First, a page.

There’s a Helipad With a Secret, Luxurious Speakeasy Under the FDR

Peak inside BLADE's new helipad terminal.

The outside of the building is nondescript. (Photo: BLADE)

The outside of the building is rather nondescript. (Photo: BLADE)

From the outside, the rectangular, black building situated next to the East River under the roaring FDR looked, perhaps, like an infrequently-used maintenance shed. The driver of my black car—the one the company had sent to pick me up from my office on the other side of town—indicated the nondescript black door through which I was apparently supposed to walk.

Passing through the helipad terminal’s door was enough to make me forget I was, just moments ago, standing on a dark, dirty side road under a noisy highway. Inside is a luxurious, ’60s-inspired lounge reminiscent of the Golden Age of aviation. Silver furniture pieces are sculpted from the same metal used to construct airplanes; a framed photo on the wall depicts a smiling Sinatra stepping out of a helicopter, drink in hand; a sleek bar to my right serves tequila on the rocks.

Through a large window on the wall opposite the door, against a backdrop of the Queens and Brooklyn skylines, I see a helicopter land on the smooth, concrete ground. This hidden speakeasy, after all, is the new terminal of BLADE: the on-demand helicopter service that shuttles affluent, predominantly-young clientele to the Hamptons, Teterboro, JFK and Mohegan Sun.

For BLADE’s customers, the opportunity to sip a drink, socialize, and look out at the helipad “makes their vacation start in the lounge,” founder Rob Wiesenthal told the Observer, “as opposed to your destination.”

Helicopters land just on the other side of the large window. (Photo: BLADE)

Helicopters land just on the other side of the large window. (Photo: BLADE)

For those unfamiliar with BLADE, the fast-growing company launched last Memorial Day as a way for users to charter a Hamptons-bound helicopter at the tap of a smartphone screen. Last November the company debuted BLADE Bounce, allowing users to book on-demand choppers to Teterboro and JFK—a timesaving alternative to sitting on a traffic-jammed highway to the airport.

To create the terminal, BLADE recruited Michael Beneville, an artist who tells stories through media ranging from books and artwork to Burning Man spider houses and iHeartMedia’s NYC corporate headquarters. It was following the completion of the latter project that Mr. Beneville was tapped to design the BLADE terminal. After learning more about the company, he enthusiastically took the job.

“Helicopters in particular, they’re amazing to me,” Mr. Beneville said. “They’re like dragonflies. They can fly backwards. They bend space and time.”

The bar, inspired by Blade's logo. (Photo: BLADE)

The bar, inspired by Blade’s logo. (Photo: BLADE)

Joe Biden once described LaGuardia as something you’d find in a Third World country, and turns out, New York’s existing helipad terminals didn’t have a much better reputation.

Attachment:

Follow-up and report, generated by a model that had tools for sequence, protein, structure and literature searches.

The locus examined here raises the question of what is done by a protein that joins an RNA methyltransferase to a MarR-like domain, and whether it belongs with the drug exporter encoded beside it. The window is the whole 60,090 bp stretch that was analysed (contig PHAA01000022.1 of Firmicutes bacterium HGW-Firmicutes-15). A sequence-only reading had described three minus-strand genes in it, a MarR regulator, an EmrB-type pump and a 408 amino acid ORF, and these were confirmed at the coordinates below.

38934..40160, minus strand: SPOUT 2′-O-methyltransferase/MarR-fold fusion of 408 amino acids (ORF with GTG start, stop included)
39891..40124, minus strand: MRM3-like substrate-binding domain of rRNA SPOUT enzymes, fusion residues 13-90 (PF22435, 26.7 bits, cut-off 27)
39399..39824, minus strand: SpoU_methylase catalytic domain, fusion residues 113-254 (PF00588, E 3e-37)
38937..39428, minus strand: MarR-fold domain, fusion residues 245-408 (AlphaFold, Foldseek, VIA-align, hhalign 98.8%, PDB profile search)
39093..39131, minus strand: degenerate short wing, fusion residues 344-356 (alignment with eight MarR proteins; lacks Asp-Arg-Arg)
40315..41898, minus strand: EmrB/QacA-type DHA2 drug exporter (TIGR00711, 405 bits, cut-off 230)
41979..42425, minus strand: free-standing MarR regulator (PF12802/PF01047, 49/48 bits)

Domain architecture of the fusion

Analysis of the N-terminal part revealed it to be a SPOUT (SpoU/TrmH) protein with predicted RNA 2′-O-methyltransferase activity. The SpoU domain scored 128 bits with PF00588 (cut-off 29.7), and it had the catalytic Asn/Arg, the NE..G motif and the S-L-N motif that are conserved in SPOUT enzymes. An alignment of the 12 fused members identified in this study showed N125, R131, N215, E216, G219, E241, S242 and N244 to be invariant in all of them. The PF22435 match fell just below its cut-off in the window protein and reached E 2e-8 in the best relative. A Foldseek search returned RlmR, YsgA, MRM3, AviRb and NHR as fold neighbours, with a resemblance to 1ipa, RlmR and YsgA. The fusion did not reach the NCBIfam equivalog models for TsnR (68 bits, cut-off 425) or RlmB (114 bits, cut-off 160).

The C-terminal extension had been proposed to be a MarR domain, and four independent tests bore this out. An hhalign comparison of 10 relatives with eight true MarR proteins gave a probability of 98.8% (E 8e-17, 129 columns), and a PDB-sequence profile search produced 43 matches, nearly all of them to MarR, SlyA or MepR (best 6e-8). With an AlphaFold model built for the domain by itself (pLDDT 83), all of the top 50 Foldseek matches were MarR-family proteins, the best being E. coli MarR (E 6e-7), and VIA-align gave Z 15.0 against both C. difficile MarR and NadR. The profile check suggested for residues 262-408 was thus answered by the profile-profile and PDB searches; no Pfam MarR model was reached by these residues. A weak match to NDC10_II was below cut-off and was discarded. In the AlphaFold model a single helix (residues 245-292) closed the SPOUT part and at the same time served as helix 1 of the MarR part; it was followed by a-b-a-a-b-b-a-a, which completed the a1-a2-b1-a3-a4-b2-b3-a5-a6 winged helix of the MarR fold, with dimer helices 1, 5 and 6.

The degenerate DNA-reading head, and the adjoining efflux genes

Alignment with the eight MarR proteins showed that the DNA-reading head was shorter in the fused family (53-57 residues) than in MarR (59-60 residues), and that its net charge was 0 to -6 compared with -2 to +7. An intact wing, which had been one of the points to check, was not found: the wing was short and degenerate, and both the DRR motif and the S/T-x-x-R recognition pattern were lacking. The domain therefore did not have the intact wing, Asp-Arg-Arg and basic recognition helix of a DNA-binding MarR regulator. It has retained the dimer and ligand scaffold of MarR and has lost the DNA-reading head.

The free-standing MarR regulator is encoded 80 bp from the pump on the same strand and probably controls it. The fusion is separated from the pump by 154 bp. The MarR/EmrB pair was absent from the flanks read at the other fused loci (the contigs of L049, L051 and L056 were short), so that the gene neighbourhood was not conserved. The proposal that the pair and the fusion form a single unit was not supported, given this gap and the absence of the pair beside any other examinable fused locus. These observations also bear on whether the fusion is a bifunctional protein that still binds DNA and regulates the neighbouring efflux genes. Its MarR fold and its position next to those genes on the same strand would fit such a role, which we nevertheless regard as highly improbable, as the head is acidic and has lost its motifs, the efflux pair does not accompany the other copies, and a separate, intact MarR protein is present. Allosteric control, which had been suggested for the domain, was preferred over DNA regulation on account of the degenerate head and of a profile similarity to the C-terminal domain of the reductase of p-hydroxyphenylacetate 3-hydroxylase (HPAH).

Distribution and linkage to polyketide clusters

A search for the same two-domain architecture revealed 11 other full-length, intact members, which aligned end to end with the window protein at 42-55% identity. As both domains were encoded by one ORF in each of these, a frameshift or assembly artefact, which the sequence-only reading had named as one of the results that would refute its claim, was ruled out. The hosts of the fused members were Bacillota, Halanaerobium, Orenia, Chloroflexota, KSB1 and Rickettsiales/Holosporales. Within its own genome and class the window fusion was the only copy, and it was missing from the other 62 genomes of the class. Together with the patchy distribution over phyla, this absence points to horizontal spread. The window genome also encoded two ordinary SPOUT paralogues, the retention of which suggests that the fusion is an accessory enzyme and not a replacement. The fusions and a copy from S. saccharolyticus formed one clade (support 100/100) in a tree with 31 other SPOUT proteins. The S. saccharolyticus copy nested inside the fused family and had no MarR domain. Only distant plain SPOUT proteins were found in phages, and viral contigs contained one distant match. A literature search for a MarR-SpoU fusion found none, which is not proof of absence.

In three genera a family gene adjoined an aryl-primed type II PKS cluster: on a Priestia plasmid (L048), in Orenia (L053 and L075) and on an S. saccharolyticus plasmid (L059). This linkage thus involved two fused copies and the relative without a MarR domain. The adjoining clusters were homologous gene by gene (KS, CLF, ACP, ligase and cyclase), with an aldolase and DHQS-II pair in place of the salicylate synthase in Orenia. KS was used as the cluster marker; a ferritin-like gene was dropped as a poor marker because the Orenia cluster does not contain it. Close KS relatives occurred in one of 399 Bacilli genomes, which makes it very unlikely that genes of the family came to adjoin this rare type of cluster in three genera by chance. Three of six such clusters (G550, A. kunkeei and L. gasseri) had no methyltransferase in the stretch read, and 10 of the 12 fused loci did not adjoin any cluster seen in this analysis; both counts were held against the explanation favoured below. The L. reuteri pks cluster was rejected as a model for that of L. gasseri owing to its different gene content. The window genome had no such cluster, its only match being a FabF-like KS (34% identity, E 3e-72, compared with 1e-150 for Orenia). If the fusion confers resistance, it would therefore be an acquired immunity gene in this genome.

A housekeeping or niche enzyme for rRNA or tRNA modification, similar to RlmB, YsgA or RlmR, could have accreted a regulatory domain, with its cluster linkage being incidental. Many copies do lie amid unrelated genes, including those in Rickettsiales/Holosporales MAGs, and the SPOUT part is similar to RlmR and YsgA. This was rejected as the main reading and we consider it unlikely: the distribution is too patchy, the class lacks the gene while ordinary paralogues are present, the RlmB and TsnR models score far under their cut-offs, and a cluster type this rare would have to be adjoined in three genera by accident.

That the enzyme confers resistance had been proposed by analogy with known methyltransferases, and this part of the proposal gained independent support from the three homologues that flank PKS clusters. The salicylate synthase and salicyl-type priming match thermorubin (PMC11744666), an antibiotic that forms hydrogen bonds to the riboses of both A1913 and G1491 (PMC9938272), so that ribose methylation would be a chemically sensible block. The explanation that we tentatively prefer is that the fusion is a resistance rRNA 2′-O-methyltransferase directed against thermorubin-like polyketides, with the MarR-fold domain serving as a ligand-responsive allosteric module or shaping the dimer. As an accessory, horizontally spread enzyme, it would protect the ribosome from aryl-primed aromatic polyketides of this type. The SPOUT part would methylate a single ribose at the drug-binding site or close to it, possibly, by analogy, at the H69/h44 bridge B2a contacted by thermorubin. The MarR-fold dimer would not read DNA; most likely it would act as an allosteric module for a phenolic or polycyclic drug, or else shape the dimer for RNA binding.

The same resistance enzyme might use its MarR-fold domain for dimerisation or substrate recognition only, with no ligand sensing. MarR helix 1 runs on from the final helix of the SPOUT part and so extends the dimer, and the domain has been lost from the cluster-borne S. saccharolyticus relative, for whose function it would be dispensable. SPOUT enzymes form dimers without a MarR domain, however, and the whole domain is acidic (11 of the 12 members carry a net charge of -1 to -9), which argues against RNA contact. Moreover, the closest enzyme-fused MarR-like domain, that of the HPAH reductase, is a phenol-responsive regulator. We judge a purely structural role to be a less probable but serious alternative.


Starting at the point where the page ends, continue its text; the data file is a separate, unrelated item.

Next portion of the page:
“The dirty little secret about a lot of private aviation,” Mr. Beneville said, “is while the machinery is extraordinary, by and large, the experience of the waiting area is usually abysmal.”

“At the best its like a dentist’s office,” he continued, “and at its worst it’s like a half-eaten bowl of Jolly Ranchers and a crappy Keurig coffee machine.”

Largely inspired by the aforementioned Frank Sinatra photo, Mr. Beneville and the BLADE team set out to capture the cool, fun spirit of aviation in the ’60s and ’70s—an attitude that matched BLADE’s identity, as a brand. Instead of catering to the “uptight, turkey, A-holes,” as Mr. Beneville put it, BLADE is “more into your low-key person who just has great taste.”

The view toward the bar. (Photo: BLADE)

The view toward the bar. (Photo: BLADE)

Every design feature in the terminal—down to the magazines on the table—was completely intentional, Mr. Beneville said.

There’s a vintage issue of Playboy featuring Christie Brinkley in her early 20s. There’s also a New York Times Magazine from 1973 whose cover bears the question: “Are the Hamptons Over?”—ironic, now, given BLADE’s huge business with Hamptons-goers.

“The details go right down to the ashtrays,” he said, referencing the free-standing ashtray now used as decor, but that, decades ago, might have adorned an airport waiting area.

The lounge is adorned with black-and-white aviation-themed photos. (Photo: BLADE)

The walls are decorated with black-and-white aviation-themed photos. (Photo: BLADE)

We asked why Mr. Beneville went with the mostly-black color scheme.

“The outside becomes far more present when you darken the inside of the room,” he explained. “The helicopters and the river will come into stark relief.”

And then there’s the bar, modeled after BLADE’s logo—two “swoosh” shapes stacked on top of each other. The shape of the bar’s column, he said, “goes from large to small—it’s the logo expressed in vertical space.”

The shelving unites are made from airplane metal, too. (Photo: BLADE)

The shelving unites are made from airplane metal, too. (Photo: BLADE)

Since opening the terminal President’s Day weekend, BLADE has found that customers are coming to hang out—even if they’re not flying that day. From the great view, to the sleek decor, to the relative secrecy of it all, we can see the appeal.

Now, if only LaGuardia could step up its game (looking at you, Terminal B).

“There’s nothing sexier than traveling,” Mr. Beneville said, “and it’s such a wasted opportunity when people don’t take it seriously.”